Concealing the mischief and cheating of her son, she becomes his ally and at the same time his traitor – for she does not help him to find the way to the decent life. Bringing him up and raisin him as a family tyrant Mama Chona is not able to mend the broken relationships between her son and her daughter-in-law; she is not able to do practically anything.
“He did not like to speak directly to the Mexican women Juanita and his sisters took on to help him with the household chores” (Islas 3), which means that the man possessed rather cowardly traits of character; yet he demonstrated his dominance over the wife – isn’t that the sign of weakness?
Her son, a cheater – could there be a greater insult to a mother. However, it is quite peculiar that Mama Chona tries to close her eyes on the facts and pretend that the family is as strong and glued together as ever. Like a house on a rotten foundation, the family is falling apart, yet Mama Chona is trying to put the pieces together, pretending that everything is going to be fine.
Leading Mama Chona through the miseries of her life straight to the quiet religious haven, her beliefs make her survive the shocking truth about her family, namely, her children. Supported by the beliefs and ideas of hers, Mama Chona proves almost invulnerable to the tragedies that she suffers.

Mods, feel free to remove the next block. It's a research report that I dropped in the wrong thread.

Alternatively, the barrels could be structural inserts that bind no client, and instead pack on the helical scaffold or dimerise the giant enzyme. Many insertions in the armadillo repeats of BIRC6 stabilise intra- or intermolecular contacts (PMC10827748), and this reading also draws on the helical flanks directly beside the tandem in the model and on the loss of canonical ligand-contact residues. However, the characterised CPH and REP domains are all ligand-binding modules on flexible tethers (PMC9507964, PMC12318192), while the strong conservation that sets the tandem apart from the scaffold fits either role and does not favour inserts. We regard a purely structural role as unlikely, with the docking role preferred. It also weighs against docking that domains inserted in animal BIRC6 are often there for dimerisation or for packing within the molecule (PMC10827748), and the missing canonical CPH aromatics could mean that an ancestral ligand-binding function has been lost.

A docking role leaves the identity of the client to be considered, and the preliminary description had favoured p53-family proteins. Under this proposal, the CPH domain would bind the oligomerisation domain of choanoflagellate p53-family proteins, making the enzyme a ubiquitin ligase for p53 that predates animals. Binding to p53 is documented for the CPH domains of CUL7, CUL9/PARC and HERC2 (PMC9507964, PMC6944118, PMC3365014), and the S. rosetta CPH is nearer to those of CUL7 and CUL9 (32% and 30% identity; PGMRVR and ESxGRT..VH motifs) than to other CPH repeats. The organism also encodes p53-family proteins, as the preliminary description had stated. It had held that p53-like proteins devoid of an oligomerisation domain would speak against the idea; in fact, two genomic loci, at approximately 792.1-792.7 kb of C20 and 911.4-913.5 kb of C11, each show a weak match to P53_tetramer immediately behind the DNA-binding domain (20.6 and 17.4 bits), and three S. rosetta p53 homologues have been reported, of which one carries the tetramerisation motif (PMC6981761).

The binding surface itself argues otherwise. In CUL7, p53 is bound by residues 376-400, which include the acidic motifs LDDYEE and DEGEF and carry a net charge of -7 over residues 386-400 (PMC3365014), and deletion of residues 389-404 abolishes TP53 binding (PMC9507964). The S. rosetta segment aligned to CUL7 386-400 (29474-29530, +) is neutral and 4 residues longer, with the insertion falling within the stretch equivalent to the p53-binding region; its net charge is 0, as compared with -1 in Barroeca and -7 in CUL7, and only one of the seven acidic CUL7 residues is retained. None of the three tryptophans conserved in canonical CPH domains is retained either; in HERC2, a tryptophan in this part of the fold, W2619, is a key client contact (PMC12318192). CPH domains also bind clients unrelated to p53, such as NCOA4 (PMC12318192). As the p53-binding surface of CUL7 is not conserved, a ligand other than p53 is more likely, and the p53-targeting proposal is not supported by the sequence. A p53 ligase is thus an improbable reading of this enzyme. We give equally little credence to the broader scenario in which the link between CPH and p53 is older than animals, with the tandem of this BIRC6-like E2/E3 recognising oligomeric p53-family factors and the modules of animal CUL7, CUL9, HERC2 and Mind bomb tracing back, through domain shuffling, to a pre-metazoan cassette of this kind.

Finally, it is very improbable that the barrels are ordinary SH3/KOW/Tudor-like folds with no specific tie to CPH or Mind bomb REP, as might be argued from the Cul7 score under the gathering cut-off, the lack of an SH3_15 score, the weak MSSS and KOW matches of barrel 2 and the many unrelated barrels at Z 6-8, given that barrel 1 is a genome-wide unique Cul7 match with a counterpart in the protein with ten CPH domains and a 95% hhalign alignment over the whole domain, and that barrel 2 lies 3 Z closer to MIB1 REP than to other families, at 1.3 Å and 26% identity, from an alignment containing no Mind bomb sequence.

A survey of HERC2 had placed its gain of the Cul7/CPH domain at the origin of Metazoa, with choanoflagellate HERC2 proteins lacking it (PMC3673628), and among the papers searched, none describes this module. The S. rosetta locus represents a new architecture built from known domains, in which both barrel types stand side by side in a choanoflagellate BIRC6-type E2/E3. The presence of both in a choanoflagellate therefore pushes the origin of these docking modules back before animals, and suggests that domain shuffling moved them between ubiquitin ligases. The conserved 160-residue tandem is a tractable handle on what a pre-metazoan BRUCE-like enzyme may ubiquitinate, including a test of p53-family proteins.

However, it seems that the religion of Mamma Chona is not the mysterious Rain God. Looking closer at her life and at the world that revolved around her, one can see distinctly that this was the family that was the essence of the woman’s life. The very first lines of the novel expose Mama Chona’s secret to the reader:
A photograph of Mama Chona and her grandson Miguel Angel – Miguel Chico or Mickie to his family – hovers above his head on the study wall beside the glass doors that open out into the garden (Islas 3)
The controversy of the Chicano movement and the political ideas that underlay it are shown through depicting the family life of Mama Chona, which is quite peculiar. This is one of few attempts to intertwine the family and the politics – and, it must be admitted, one of the most successful ones. Exposing the weaknesses of Mama Chona to the public and yet emphasizing certain strong points that she possessed, Islas made quite a portrait of the Chicano movement.